The Senate voted 50-50 to nullify a Consumer Financial Protection Bureau rule facilitating consumer lawsuits against big banks and credit card companies. Vice President Mike Pence broke the tie, presumably with glee.
As explained by The Los Angeles Times, the rule would have banned provisions “that block consumers from banding together to bring class-action cases. The CFPB argued that such cases help hold banks accountable.” Banks like Wells Fargo tend to insert strict arbitration clauses in contracts, a practice that reliably favors corporations rather than individual consumers. “The private proceedings also allow banks to deal with individual problems quietly rather than address widespread abuses,” the Times adds.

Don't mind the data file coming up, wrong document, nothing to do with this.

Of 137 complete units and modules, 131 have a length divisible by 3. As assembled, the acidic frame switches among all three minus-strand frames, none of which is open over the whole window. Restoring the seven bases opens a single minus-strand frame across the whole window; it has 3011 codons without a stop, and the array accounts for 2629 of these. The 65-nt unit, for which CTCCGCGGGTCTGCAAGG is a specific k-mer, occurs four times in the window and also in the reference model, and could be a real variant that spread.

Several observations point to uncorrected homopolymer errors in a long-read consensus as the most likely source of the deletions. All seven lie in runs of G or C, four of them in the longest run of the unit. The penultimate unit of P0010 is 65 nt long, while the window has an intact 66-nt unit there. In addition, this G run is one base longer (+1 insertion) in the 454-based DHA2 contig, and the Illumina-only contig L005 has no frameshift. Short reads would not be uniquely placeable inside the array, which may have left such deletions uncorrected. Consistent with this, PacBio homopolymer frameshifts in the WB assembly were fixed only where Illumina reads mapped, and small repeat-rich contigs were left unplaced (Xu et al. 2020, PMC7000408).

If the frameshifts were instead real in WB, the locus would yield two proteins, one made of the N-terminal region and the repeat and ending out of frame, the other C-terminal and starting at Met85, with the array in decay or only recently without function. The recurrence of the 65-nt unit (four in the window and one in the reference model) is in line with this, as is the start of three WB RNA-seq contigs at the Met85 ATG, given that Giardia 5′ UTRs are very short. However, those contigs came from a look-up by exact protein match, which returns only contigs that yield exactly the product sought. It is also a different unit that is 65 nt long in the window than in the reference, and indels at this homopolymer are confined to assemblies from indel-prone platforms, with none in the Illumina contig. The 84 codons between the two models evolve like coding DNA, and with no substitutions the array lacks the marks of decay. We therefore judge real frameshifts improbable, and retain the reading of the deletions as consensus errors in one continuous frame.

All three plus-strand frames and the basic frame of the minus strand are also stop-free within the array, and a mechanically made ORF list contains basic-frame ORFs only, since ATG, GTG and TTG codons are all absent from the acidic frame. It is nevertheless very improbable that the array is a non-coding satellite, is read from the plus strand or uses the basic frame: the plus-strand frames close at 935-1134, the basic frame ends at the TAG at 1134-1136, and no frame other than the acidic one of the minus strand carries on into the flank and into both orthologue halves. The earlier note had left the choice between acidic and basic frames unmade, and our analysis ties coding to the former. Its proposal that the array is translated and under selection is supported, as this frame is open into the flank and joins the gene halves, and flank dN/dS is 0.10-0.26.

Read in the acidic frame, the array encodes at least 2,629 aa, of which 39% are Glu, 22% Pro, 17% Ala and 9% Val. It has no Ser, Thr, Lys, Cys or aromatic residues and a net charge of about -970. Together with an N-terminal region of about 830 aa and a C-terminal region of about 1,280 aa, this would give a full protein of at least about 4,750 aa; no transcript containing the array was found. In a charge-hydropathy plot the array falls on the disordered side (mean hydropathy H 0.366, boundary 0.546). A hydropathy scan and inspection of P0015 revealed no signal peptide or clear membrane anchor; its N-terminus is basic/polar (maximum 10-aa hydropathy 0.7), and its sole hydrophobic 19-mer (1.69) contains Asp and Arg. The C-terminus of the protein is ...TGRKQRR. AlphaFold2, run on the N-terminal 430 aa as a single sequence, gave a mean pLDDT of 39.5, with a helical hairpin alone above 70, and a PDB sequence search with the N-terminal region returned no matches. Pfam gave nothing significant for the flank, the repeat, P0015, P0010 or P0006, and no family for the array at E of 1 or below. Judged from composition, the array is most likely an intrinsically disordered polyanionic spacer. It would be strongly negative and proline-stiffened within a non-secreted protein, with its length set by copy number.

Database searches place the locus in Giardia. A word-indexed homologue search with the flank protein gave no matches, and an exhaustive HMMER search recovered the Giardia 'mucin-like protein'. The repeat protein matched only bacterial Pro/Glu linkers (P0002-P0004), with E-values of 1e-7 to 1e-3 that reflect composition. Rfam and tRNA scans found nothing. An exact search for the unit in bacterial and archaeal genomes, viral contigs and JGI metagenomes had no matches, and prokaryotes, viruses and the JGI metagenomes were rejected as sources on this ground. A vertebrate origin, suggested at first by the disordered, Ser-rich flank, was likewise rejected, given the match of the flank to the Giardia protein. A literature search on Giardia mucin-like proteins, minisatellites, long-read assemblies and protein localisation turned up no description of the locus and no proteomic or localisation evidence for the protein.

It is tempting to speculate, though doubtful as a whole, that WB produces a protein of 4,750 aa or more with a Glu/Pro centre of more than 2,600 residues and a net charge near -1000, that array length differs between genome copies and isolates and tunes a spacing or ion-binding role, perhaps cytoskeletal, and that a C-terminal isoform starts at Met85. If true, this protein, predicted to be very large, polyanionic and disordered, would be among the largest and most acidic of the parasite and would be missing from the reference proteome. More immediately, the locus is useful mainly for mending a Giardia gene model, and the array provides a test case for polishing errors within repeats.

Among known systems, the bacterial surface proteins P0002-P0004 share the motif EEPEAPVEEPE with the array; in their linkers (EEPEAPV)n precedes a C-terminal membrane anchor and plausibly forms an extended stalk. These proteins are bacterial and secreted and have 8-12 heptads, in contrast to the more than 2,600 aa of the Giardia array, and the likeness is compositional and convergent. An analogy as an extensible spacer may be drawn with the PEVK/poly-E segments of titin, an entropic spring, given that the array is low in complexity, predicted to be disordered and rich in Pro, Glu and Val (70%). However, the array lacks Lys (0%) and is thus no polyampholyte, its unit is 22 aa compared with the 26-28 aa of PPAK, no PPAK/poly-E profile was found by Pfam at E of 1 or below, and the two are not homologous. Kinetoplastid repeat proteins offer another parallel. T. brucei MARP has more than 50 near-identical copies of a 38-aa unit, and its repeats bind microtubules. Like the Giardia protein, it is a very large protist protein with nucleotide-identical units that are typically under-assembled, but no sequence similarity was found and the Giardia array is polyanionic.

The vote is, to quote Elizabeth Warren, “a big wet kiss to Wall Street.” Which is precisely why all but two Republicans voted to kill the rule. Last night’s vote is a reminder that Republicans aren’t going to be the allies of Democrats in any meaningful sense. They may criticize Trump out loud or, like Jeff Flake, resign with a flounce. But the party is not going to start protecting consumer rights.
Of particular interest is the fact that veterans’ groups, including the conservative American Legion, supported the rule and vehemently opposed attempts to kill it. The GOP’s vaunted troop fetish has always been situational at best. Tuesday night’s vote cut through that rhetoric, revealing how superficial it really is. There’s nothing a human being can accomplish or sacrifice to convince the Republican Party to consider his rights above Wells Fargo’s profit margin.